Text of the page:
This is important to make sure that you don’t delete unwanted users. Additionally, when you work in batches, you won’t risk a timeout from your server. When your server times out, the operation is interrupted, and the results are unpredictable.

Once your delete operations are complete, you can check the results of your work. For that, you can go back to Users Insights and filter your group once again. You should see no results:
Confirming results of user delete operation

How to bulk delete WordPress users programmatically via code

In this example, we’ll show you how to bulk delete the multiple users who are assigned to a “clean up” group with a bit of code.

Again, we can’t stress this enough, it’s time for a backup. This time, it’s particularly crucial because once the code is running, we can’t stop it.

This solution will work better if you want to delete all the user data, posts, and metadata. That’s because the function we are using runs both a delete_user  command and a delete_usermeta command.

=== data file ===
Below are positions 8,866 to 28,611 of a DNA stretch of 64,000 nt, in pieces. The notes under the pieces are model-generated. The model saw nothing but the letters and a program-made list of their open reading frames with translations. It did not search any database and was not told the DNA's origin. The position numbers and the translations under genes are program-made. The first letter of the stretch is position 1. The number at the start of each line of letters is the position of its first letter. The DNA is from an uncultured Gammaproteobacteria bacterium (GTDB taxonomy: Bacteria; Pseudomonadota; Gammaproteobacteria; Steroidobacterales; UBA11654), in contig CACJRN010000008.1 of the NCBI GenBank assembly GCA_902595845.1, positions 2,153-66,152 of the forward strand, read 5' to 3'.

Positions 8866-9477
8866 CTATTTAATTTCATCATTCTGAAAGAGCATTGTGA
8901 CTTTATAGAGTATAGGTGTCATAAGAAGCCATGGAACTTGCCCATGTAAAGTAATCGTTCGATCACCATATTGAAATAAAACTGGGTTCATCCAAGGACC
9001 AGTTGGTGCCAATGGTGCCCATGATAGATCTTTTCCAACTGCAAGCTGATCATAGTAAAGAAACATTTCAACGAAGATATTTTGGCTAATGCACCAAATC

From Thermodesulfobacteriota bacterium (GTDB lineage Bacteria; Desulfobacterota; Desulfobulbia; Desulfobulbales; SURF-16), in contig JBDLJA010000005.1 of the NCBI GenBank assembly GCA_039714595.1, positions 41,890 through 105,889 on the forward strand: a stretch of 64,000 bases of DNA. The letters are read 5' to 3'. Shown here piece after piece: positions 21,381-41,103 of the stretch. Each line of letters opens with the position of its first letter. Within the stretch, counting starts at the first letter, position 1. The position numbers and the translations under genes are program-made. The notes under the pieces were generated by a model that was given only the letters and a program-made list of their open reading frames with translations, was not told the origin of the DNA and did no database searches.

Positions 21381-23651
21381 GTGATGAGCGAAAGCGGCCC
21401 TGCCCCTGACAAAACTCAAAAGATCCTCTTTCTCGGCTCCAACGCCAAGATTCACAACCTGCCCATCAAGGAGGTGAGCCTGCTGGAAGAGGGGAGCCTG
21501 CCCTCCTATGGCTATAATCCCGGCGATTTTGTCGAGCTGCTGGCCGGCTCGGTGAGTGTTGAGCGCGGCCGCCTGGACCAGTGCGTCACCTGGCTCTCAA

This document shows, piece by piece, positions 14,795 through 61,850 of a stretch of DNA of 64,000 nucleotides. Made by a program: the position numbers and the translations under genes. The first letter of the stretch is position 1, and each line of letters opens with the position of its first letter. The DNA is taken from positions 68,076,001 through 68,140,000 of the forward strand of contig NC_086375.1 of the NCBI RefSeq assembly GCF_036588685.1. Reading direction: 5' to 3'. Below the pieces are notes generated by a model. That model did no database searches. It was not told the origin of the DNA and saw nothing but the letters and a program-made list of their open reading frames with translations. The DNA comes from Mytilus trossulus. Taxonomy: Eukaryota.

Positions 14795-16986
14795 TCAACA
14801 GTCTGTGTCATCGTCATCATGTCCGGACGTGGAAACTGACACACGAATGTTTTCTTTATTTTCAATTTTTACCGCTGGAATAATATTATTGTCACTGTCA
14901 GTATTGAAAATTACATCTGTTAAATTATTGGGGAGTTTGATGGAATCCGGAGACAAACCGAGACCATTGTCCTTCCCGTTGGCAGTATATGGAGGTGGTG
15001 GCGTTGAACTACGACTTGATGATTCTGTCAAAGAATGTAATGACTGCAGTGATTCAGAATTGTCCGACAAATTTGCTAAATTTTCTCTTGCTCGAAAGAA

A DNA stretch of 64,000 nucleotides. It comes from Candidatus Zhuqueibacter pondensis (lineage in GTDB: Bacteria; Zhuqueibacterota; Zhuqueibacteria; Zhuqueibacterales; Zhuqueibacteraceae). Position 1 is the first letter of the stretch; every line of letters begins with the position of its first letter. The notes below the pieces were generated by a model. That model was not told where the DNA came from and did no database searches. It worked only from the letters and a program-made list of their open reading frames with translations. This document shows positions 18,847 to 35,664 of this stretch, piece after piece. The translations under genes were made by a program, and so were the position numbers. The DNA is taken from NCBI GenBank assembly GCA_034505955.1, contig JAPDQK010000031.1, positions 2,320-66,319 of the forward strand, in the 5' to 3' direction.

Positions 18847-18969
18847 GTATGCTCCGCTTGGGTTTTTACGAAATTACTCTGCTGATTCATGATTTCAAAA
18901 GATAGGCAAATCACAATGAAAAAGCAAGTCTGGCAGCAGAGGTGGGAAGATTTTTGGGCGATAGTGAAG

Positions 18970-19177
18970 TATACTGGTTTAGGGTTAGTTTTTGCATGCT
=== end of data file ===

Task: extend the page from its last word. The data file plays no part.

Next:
In addition, you can use the reassign parameter to reassign the user’s posts to another user. In our case, we are reassigning it all to the user with ID 1. If you leave it blank, these posts are deleted as well. This affects, for example, order data, forum posts, or even actual blog posts if they have them.

This is the code we can use now:


function my_delete_users() {
    //if you aren't using cleanup, replace with your own group slug
    $slug = 'cleanup';

    $taxonomy = 'usin_group';
    $term = get_term_by( 'slug', $slug, $taxonomy, 'ARRAY_A' );
    $id = $term['term_id'];
    $users_to_delete = get_objects_in_term( $id, $taxonomy );
    if( ! empty( $users_to_delete ) ) {
        foreach ( $users_to_delete as $uid) {
            //delete users and reassign their posts to the user with ID 1
            //(admin in our case)
            wp_delete_user( $uid, 1 );
       //just so you know what is going on